Personally, I would rather keep politics out of the forum.

I am really disgusted with and ashamed of American politics. Please don't ask me to elaborate, it sickens me. It's your right to say what you will, but I will exercise my write to ignore.

Ps I will not be viewing this thread again.

Brett


Fri Jan 13, 2012 10:05 am
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Post Re: Hero of the American Dream
greg wrote:
jeffcomas wrote:
I think it is highly likely that Emmett Chapman is now one of the currently much maligned 1% (or at least he is pretty close). I certainly do not hate him for it, on the contrary I love and admire him for it.

He has joined their ranks, in my opinion, by living the American Dream. That being that a man (short for human, so it includes women too) is free to follow his or her own path; to succeed or fail according to his or her own actions and efforts (or lack thereof).

I know that everyone likely to read this knows this already, but Mr. Chapman has succeeded by taking an idea and turning it into reality, molding his vision into a thriving business. Winning against long odds by determination, hard (and smart) work, and continuing belief in himself and his product.

So, I salute you Mr. Chapman. You are a hero of mine. I hope you enjoy your success. I am confident that you have earned it.

Cheers,
Hi Jeff,

I'm not sure about (some elements of) your premise. Perhaps they wouldn't want me to say this, but Emmett and Yuta live pretty modestly, as anyone who's been to their shop can tell you, with a houseful of workers around them all day long (not exactly the lifestyle of the 1% you might think of as portrayed in the stereotype-driven media). I've never met anyone who works harder than Emmett does in my whole life. ever.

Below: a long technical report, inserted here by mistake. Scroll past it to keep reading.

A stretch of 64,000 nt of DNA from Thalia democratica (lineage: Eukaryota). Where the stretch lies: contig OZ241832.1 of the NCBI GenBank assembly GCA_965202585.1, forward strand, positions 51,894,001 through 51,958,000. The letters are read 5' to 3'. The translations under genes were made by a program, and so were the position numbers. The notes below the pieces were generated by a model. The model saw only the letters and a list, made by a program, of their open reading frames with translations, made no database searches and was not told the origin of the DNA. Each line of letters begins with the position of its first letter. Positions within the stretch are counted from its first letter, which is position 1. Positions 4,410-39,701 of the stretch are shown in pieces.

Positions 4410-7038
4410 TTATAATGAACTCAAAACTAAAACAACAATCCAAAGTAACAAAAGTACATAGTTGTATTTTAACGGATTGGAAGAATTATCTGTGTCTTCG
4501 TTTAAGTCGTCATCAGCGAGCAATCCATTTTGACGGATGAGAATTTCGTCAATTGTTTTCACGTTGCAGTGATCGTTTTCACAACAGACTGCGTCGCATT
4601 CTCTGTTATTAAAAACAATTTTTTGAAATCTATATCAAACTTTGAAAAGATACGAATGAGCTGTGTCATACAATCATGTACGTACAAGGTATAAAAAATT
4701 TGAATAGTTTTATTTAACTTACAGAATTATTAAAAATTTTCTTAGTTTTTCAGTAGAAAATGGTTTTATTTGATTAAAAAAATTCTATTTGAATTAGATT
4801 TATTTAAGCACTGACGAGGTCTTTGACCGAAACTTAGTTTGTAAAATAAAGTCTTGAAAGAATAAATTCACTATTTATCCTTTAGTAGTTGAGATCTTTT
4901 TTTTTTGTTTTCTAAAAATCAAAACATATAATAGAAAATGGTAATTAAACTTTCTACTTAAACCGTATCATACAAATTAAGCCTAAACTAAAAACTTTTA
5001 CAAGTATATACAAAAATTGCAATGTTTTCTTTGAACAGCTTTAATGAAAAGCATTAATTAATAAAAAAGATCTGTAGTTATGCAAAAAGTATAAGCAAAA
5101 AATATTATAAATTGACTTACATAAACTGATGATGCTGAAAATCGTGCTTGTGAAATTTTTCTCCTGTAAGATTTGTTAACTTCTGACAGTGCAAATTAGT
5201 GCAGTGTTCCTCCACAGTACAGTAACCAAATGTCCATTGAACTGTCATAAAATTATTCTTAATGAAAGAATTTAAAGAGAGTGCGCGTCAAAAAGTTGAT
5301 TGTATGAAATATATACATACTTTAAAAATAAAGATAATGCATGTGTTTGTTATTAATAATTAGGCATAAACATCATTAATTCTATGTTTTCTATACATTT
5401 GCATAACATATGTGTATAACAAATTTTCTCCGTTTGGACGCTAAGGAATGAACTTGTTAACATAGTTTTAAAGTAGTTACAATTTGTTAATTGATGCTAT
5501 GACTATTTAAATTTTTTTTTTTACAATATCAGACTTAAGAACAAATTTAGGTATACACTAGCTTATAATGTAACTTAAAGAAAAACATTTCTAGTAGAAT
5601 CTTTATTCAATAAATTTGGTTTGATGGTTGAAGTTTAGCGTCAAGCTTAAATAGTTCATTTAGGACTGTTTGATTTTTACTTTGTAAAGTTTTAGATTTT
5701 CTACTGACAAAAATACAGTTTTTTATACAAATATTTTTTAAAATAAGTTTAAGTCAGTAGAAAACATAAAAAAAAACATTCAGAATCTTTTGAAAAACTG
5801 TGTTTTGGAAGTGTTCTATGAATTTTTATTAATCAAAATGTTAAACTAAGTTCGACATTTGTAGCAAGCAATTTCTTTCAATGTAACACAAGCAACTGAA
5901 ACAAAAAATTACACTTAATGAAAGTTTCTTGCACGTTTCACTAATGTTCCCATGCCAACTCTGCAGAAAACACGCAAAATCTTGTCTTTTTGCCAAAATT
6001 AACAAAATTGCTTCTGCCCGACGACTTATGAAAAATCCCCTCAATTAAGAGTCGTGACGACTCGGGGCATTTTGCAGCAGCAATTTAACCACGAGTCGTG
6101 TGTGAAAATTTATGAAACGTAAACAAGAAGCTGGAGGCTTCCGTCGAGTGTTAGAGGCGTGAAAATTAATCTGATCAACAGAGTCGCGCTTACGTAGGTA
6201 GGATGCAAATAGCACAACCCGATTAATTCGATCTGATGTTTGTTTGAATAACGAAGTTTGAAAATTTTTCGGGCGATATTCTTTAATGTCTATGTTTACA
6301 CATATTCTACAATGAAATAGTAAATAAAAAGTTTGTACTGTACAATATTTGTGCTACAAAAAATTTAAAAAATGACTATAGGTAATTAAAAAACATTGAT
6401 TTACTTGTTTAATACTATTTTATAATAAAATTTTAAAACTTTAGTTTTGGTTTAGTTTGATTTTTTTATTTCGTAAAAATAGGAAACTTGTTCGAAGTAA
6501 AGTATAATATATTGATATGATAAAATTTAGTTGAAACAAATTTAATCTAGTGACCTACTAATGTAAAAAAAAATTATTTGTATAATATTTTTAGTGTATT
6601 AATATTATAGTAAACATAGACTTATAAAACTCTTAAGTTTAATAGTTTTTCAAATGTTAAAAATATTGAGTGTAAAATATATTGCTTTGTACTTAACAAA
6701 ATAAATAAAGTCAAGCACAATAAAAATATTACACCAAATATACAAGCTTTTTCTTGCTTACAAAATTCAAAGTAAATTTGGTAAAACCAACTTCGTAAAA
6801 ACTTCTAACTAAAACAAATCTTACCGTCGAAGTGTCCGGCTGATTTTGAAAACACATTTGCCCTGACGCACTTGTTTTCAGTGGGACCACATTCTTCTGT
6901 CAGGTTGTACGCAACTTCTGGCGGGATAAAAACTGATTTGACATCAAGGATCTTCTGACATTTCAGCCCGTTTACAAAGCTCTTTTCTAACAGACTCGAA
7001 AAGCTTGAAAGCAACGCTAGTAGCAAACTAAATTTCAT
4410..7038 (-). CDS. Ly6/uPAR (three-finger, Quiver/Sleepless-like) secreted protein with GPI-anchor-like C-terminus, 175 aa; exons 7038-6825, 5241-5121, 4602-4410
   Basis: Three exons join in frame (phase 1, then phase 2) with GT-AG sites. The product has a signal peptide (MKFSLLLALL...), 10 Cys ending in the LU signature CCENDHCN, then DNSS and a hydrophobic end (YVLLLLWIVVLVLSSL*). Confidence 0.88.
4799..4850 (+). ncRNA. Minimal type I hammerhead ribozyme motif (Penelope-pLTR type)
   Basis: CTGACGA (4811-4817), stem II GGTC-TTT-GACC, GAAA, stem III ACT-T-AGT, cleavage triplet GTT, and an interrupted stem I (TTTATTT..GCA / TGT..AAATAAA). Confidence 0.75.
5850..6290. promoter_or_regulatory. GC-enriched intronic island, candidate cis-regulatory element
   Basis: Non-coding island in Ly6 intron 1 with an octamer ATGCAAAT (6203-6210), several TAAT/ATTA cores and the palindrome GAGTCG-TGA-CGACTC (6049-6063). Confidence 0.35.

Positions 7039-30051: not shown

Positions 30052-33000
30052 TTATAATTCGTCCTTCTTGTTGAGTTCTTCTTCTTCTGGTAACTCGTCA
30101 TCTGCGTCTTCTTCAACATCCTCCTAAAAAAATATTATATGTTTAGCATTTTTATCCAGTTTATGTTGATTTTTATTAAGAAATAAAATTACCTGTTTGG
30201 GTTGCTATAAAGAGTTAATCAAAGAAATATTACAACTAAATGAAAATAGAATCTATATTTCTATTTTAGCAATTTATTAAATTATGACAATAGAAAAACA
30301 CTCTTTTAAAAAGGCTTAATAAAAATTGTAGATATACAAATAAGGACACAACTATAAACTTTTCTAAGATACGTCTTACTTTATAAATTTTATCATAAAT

He's a craftsman, designer, engineer, artist and visionary, and his ability to bring all of these elements together has led him to make something tangible that works really well, in a virtual age dominated by profit margins and mass consumption.

Still, I agree with you about the man. As Tony put it in Dan's film, he's "created something that will outlive him". And that's very uncommon these days, I think.

He's fun to hang around with as well. Very interested in people, language, science and culture. And he seems never to put himself first. Perhaps that's the secret of his success.


Greg this is kind of what I'm talking about, That there many people lumped in with the uber elite who are just regular folk that have had success.
But... my main point is I admire Emmett and Yuta & crew for what they have accomplished.

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Fri Jan 13, 2012 11:04 am
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Post Re: Hero of the American Dream
Quote:
I am really disgusted with and ashamed of American politics.


Brett, this is the reason we should ALL become very involved in politics. The reason it has become this way is that we have left politics to the politicians. I don't like them, either. Believe it or not. It sickens me as well, and I empathize with you. With respect, I disagree with your decision to avoid it.

Jeff, I like your post and agree with your premise. It doesn't matter what Emmett makes or doesn't make, it's irrelevant to the thrust of your post. If Emmett makes a meager living it could be perceived that he's rich simply because he's well-known, just as I'm sometimes perceived as rich because I have a lot of property in Virginia Beach (I ain't got a penny).